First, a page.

For businesses, cloud security is now superior to any on-premise environment it might have, but that's both good and bad.
It's good, because companies are now opting for cloud-based solutions. It's bad, because they're doing it blindly, thinking all their security issues will be solved by simply switching.
“Companies can no longer combat security threats by simply throwing technology at perceived vulnerabilities,” said David Monahan, research director, security and risk management at Enterprise Management Associates.
“Though teams are using more security tools in the cloud than on-premises, they still face major risks as they struggle with staffing and skills shortages that make it extremely difficult to adequately evaluate, integrate and manage solutions.”
The information was published by enterprise cloud hosting provider Iland, in its report entitled “Blind Trust Is Not a Security Strategy: Lessons from Cloud Adopters,“ which is based on insights from 100 IT decision makers who leverage cloud infrastructure and/or Disaster-Recovery-as-a-Service in North America.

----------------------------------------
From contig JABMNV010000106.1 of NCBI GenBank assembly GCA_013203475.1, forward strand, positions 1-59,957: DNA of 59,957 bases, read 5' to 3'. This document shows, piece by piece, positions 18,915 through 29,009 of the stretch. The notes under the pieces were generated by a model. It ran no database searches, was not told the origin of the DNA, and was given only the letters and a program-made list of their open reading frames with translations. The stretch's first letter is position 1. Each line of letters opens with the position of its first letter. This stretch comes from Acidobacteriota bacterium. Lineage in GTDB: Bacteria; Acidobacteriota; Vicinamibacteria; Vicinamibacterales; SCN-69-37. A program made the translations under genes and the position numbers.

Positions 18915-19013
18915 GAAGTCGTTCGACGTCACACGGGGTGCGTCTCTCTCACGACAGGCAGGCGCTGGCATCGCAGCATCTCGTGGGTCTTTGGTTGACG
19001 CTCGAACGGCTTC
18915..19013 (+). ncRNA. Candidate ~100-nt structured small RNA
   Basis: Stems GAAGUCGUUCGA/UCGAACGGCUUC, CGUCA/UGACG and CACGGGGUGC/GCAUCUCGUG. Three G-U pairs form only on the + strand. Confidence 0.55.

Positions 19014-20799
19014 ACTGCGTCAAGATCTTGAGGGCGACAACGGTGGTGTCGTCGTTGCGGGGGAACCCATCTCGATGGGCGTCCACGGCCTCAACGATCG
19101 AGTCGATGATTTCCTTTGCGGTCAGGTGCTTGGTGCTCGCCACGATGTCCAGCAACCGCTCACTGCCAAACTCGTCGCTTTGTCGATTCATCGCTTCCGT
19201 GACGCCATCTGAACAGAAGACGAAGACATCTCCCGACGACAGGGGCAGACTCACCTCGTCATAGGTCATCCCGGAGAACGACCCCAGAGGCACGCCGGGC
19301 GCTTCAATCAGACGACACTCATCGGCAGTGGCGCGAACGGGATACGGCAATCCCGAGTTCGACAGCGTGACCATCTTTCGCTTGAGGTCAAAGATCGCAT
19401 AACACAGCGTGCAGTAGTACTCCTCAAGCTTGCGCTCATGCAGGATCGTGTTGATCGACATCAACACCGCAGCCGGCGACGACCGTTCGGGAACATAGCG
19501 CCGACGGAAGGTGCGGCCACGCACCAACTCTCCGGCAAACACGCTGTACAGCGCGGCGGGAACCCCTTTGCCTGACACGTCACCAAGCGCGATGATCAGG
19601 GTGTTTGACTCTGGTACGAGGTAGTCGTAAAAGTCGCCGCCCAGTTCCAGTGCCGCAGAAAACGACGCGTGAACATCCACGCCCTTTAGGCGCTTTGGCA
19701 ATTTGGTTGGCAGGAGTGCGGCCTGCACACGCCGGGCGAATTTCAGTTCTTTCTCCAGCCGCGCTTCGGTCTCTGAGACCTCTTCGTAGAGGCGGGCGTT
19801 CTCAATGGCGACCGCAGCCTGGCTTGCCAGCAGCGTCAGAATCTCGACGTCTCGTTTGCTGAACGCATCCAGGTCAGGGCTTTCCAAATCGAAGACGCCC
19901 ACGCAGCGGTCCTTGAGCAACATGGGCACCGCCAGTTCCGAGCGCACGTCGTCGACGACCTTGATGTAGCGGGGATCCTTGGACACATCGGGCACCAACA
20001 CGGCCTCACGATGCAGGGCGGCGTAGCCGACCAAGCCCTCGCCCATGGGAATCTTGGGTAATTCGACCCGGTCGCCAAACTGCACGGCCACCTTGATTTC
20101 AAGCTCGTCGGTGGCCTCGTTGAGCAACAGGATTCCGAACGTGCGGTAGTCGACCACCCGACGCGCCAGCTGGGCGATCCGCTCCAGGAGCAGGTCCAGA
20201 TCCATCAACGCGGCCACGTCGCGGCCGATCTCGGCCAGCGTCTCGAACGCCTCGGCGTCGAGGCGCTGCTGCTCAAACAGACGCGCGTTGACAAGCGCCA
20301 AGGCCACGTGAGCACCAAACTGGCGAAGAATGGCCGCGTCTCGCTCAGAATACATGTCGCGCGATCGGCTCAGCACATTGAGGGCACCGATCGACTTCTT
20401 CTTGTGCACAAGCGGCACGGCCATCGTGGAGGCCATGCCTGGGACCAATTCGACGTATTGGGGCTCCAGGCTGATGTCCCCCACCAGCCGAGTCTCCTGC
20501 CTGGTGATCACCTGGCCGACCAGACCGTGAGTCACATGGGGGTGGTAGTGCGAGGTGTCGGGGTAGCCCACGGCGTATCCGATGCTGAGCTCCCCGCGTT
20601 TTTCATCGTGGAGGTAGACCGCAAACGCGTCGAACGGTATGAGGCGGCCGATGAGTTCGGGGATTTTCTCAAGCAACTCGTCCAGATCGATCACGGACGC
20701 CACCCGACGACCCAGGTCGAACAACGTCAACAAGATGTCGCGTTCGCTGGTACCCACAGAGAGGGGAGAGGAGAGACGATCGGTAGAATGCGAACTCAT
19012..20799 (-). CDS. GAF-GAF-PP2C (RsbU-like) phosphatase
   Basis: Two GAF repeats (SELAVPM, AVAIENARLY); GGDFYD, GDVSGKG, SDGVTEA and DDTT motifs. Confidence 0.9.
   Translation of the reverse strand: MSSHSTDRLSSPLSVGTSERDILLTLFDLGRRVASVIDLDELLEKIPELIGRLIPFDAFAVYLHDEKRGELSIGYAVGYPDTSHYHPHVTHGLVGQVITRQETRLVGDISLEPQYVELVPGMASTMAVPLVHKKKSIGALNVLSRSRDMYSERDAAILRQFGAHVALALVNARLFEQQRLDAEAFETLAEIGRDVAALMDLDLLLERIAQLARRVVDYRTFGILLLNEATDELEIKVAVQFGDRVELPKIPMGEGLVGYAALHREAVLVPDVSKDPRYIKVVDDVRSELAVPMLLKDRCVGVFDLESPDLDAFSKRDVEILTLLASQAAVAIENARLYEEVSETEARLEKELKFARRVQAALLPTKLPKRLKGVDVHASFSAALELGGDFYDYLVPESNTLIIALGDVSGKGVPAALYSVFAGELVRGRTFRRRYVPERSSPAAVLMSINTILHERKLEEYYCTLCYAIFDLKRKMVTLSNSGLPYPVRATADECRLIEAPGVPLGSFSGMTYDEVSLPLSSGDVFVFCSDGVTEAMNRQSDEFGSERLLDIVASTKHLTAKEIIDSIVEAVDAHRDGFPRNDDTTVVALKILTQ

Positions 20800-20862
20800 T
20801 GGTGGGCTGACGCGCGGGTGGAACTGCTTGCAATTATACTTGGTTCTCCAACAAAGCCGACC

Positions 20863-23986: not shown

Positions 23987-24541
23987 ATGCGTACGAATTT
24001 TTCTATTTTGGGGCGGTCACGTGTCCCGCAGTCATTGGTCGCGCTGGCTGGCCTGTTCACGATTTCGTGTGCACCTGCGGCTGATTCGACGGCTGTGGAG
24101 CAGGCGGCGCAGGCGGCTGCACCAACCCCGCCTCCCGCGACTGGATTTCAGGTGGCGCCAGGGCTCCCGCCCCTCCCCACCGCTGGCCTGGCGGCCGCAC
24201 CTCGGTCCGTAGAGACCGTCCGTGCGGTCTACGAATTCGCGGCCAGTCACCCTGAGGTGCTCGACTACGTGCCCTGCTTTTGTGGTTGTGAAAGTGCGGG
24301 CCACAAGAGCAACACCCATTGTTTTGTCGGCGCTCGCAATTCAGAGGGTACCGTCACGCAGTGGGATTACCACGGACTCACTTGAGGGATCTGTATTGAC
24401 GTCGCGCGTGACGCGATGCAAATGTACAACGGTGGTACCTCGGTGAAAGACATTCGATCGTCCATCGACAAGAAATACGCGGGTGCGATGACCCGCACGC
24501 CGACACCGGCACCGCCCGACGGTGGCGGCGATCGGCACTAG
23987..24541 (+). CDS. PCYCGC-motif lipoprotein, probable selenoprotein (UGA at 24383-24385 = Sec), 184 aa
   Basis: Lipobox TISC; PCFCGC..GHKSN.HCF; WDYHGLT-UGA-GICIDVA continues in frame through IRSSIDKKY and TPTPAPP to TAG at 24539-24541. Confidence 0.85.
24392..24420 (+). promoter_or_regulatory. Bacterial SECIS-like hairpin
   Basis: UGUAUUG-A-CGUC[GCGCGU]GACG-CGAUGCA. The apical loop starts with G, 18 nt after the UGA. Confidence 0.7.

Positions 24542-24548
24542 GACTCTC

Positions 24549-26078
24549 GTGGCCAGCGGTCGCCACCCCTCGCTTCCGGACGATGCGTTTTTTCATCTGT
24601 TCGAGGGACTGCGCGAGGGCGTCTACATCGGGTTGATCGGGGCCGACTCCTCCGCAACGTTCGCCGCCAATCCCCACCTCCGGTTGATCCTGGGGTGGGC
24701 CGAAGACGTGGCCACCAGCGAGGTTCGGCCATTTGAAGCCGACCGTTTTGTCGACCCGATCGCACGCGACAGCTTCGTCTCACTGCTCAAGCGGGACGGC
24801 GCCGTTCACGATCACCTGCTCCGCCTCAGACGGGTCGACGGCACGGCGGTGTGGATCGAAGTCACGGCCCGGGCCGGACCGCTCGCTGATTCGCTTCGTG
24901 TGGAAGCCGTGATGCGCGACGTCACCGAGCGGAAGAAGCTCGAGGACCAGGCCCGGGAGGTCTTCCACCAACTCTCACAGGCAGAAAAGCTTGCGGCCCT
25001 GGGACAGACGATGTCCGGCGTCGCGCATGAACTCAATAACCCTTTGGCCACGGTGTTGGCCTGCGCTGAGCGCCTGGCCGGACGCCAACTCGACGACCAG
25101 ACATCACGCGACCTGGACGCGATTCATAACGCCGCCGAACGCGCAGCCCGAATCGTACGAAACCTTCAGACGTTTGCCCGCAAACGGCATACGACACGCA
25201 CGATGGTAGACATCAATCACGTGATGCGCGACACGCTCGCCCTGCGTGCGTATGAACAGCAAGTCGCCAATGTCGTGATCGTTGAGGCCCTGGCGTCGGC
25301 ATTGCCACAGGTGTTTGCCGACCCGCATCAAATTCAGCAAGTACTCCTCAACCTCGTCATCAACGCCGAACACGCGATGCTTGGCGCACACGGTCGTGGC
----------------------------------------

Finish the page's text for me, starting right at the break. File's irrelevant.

Among the key findings of the survey are the facts that teams now use significantly more tools than while they were on-premise; IT sees cloud adoption as a security-improving opportunity; and business and IT sectors now finally agree on the priority of cloud security.
On the other hand, there are some notable flaws uncovered, including that cloud customers do not validate security claims; serious drawbacks, despite better security; as well as a noticed significant gap in IT's understanding of compliance requirements and related workloads.
“EMA research also identified that 68 per cent of organisations have staffing shortages and 34 per cent have skills shortages, which directly correlates to flaws and opposing perceptions uncovered in this study,” said Monahan.
“While IT has made monumental progress in identifying and adopting necessary security technologies, cloud providers must do more to ensure teams can easily validate claims, manage disparate tools, anticipate threats and take action when needed."
Photo credit: faithie / Shutterstock